Texas Instruments stock (NASDAQ: TXN) is up around 3% since the beginning of this year, and at the current price of around $130 per share, we believe TI stock has a significant downside.
Why is that? Our belief stems from the fact that TI stock remains about 34% higher than the low seen in early 2018. Our dashboard What Factors Drove 33% Change In Texas Instruments Incorporated Stock Between 2017 And Now? provides the key numbers behind our thinking, and we explain more below.
- How Has Texas Instruments Stock Managed To Outperform The Markets Since ’18?
- Here’s Why Texas Instruments’ 1.8x Move Since 2018 Does Not Come As A Surprise
- Here’s What Makes Microchip Technology Stock A Strong Semiconductor Play
- After A Dismal Performance Last Month, Texas Instruments Stock Looks Set To Bounce
- Thinking Of Buying Intel Stock? Buy Texas Instruments Instead
- Despite Recent Earnings Growth, Texas Instruments Stock Could Drop To $165
Texas Instruments is a semiconductor manufacturer, whose products are used in a wide variety of electrical and industrial applications. TI stock’s rise over the past year followed on from a 36% growth seen in net income, which came despite a 4% drop in revenues. Revenues dropped in 2019 due to the semiconductor supply glut, which led to a drop in demand. Net Income rose due to a drop in the effective rate (39% in 2017 to 16.5% in 2018 to 12.4% in 2019). This, combined with a 5% drop in outstanding share count led to a 45% growth in earnings on a per share basis.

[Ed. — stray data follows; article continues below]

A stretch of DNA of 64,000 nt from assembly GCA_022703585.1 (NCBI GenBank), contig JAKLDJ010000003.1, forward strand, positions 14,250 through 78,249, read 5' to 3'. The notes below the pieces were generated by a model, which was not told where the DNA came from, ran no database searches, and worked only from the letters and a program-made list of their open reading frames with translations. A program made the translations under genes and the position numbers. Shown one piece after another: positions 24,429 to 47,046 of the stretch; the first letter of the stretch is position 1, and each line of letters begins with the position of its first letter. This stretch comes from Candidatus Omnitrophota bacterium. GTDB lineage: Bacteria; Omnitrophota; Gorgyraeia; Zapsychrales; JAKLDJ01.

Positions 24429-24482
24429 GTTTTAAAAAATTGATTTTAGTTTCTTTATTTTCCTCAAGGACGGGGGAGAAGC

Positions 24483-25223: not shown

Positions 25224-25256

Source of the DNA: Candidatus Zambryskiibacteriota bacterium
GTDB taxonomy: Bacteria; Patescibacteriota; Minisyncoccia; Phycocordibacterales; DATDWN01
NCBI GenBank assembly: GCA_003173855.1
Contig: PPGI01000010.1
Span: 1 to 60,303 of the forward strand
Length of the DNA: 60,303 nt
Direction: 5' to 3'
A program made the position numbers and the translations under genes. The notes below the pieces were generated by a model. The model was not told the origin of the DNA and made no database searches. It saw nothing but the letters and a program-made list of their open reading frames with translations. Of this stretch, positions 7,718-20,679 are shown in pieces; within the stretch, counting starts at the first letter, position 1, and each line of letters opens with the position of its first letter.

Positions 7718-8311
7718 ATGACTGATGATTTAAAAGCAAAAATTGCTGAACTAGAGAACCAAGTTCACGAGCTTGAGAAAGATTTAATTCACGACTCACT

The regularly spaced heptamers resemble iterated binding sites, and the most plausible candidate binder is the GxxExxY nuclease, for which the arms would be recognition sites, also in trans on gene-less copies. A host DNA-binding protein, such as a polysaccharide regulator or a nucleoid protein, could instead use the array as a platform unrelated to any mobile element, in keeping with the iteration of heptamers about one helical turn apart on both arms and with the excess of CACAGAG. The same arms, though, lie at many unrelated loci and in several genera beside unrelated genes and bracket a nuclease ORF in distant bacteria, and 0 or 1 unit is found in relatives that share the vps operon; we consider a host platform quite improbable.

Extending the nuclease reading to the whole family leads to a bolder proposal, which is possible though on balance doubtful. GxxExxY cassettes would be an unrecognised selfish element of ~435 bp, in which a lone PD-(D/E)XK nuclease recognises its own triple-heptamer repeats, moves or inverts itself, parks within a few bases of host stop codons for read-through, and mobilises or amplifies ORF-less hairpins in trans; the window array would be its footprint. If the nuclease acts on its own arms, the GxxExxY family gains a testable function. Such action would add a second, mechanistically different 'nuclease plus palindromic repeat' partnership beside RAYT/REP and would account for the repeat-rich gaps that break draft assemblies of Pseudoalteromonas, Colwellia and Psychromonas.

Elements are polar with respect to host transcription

Finally, TI’s P/E ratio dropped from 26.5x at the end of 2017 to 24x at the end of 2019. While TI’s P/E has since risen marginally to 24.5x, given the volatility of the current situation, there is significant possible downside for TI’s multiple, especially when compared with previous years: 20.5x at the end of 2016, and 16x as recently as 2018.
So what’s the likely trigger and timing to this downside?
The global spread of Coronavirus has meant there is much lower demand for computing and hardware devices across all markets, which means lower semiconductor demand, and hence lower demand for TI’s products. In addition, there have likely been supply disruptions in China and elsewhere from the global Coronavirus crisis. We believe TI’s Q2 results in late-July will confirm the hit to its revenue. It is also likely to accompany a lower Q3 as-well-as 2020 guidance.
Regardless, if there isn’t clear evidence of containment of the virus at the time of the earnings announcement, we believe the stock will see its P/E decline from the current level of 24.5x to around 20.5x, which combined with a reduction in revenues and margins could result in the stock price shrinking to as low as $105.
While Texas Instruments stock doesn’t seem to have much near term upside, which S&P 500 component stocks have the best chance of outperforming the benchmark index? Our 5 In the S&P 500 That Could Beat The Index: TWTR, ISRG, NFLX, NOW, V look promising.
Our dashboard forecasting U.S. Covid-19 cases with cross-country comparisons analyzes expected recovery time-frames and possible spread of the virus. Further, our dashboard -28% Coronavirus crash vs. 4 Historic crashes builds a complete macro picture.
The complete set of coronavirus impact and timing analyses is available here.